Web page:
posted April 14, 2010 at 9:25 am

Joanne @ 13,
I certainly didn’t intend to minimize your question. How (many segments of) the church treats women is a huge problem.
That said, I seem to remember a post recently about how there are less men than women inside the church as well. That may have to do with age, since women tend to live longer than men and old people go to church in greater numbers. The discussion at that post was “How do we get men back in the church?”
If there are more women inside the church and outside the church…I’m not sure what that means. That there are just more women in general? More who will answer surveys?

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posted April 14, 2010 at 10:04 am

Presently, my husband and I are only going to church due to his obligations there. I’ve stepped back from ministry. I don’t know if I am resting or beginning the dechurching process.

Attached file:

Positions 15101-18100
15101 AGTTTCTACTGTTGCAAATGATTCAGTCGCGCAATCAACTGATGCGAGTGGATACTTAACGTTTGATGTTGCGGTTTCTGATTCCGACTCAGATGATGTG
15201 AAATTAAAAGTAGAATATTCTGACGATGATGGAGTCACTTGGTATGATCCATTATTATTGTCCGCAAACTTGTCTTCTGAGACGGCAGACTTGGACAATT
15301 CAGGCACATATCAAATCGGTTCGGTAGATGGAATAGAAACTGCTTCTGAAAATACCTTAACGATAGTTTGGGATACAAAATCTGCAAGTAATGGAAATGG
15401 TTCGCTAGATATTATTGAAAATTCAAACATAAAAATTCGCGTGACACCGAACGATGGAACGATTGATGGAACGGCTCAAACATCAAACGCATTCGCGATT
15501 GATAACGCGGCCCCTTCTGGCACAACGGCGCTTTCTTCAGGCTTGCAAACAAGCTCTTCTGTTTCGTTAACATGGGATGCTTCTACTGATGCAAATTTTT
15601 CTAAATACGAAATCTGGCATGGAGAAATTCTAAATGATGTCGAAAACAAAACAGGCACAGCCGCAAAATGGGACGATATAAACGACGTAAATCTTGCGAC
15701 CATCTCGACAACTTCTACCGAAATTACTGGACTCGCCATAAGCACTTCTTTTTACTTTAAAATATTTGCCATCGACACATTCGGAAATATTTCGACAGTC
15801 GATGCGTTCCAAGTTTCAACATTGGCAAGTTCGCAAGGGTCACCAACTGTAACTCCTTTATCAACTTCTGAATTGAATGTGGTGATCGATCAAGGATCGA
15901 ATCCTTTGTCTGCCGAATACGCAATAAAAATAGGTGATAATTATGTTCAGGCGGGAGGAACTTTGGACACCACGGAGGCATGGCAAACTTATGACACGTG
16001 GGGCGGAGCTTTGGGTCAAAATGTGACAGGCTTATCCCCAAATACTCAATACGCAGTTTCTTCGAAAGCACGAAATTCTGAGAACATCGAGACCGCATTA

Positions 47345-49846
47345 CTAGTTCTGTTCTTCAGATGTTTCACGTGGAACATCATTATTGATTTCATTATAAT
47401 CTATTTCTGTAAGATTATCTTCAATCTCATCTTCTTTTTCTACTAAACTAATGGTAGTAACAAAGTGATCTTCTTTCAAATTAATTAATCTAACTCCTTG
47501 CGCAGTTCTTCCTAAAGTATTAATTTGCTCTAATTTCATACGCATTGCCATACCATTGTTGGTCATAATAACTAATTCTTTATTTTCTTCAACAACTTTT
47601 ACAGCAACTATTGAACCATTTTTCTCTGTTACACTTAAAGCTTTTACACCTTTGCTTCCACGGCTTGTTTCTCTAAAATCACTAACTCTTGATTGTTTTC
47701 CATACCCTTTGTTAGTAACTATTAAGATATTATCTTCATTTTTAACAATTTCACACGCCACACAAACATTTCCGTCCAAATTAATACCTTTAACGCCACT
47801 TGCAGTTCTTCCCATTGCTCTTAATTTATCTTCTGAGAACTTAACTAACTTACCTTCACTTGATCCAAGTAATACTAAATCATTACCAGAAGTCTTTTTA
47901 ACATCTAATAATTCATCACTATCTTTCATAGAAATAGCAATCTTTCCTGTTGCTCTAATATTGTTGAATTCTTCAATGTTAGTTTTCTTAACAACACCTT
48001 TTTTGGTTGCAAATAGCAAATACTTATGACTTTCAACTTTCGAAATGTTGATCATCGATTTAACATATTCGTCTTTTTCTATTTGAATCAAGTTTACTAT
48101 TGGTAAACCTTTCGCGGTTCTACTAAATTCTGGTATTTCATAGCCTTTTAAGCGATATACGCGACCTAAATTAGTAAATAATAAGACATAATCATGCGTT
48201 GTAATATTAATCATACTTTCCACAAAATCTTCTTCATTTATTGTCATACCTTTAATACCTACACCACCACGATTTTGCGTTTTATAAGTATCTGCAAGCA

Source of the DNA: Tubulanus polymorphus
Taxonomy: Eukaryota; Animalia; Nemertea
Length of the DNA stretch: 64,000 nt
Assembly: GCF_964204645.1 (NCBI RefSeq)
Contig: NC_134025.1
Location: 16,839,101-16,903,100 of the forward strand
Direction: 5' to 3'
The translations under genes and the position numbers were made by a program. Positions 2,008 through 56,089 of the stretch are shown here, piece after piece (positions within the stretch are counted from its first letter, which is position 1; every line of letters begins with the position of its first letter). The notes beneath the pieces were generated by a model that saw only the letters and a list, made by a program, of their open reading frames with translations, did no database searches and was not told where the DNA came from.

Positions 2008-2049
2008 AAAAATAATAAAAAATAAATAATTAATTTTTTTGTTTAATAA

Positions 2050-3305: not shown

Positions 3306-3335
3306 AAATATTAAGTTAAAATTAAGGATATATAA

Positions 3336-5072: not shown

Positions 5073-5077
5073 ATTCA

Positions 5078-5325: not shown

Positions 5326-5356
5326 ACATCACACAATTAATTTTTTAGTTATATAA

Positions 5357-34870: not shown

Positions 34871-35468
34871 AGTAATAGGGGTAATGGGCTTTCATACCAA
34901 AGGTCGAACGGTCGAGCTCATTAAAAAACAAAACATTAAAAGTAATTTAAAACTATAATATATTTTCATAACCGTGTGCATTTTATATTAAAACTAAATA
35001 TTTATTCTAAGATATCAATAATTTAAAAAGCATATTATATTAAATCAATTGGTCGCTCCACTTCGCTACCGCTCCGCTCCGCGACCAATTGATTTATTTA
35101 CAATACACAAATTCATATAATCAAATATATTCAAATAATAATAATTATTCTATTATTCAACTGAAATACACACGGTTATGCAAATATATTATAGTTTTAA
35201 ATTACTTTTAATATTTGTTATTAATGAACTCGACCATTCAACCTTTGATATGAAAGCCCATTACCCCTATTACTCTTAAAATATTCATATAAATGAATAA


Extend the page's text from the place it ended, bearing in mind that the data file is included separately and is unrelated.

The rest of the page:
We (my husband and I) have never acheived a good level of involvement at church. Too much (ministry, leadership) leaves us overworked, exhausted and frankly shocked at the machinations of church leadership/adminstration. Too little (only attending service and small group) doesn’t seem to be enough involvement to feel particularly attached. I can easily study, pray, discuss/teach, help others, etc. without the church. I like to work within the church to give back to others, but the church doesn’t seem to streamline the process, but rather get in the way and divert my energies. I don’t mind supporting the structure while I’m participating, but eventually I’m always just supporting the structure and watching the bickering and manuvering. Who needs it?

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posted April 14, 2010 at 10:50 am

Dana wrote, “Who needs it?”
I think that sums up well the question people (the unchurched) are asking themselves. They do not see involvement in a specific, institutionalized community as a “need”.

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posted April 14, 2010 at 11:35 am

Actually, I do see a need to be involved in a specific community. I desire to take part in corporate worship.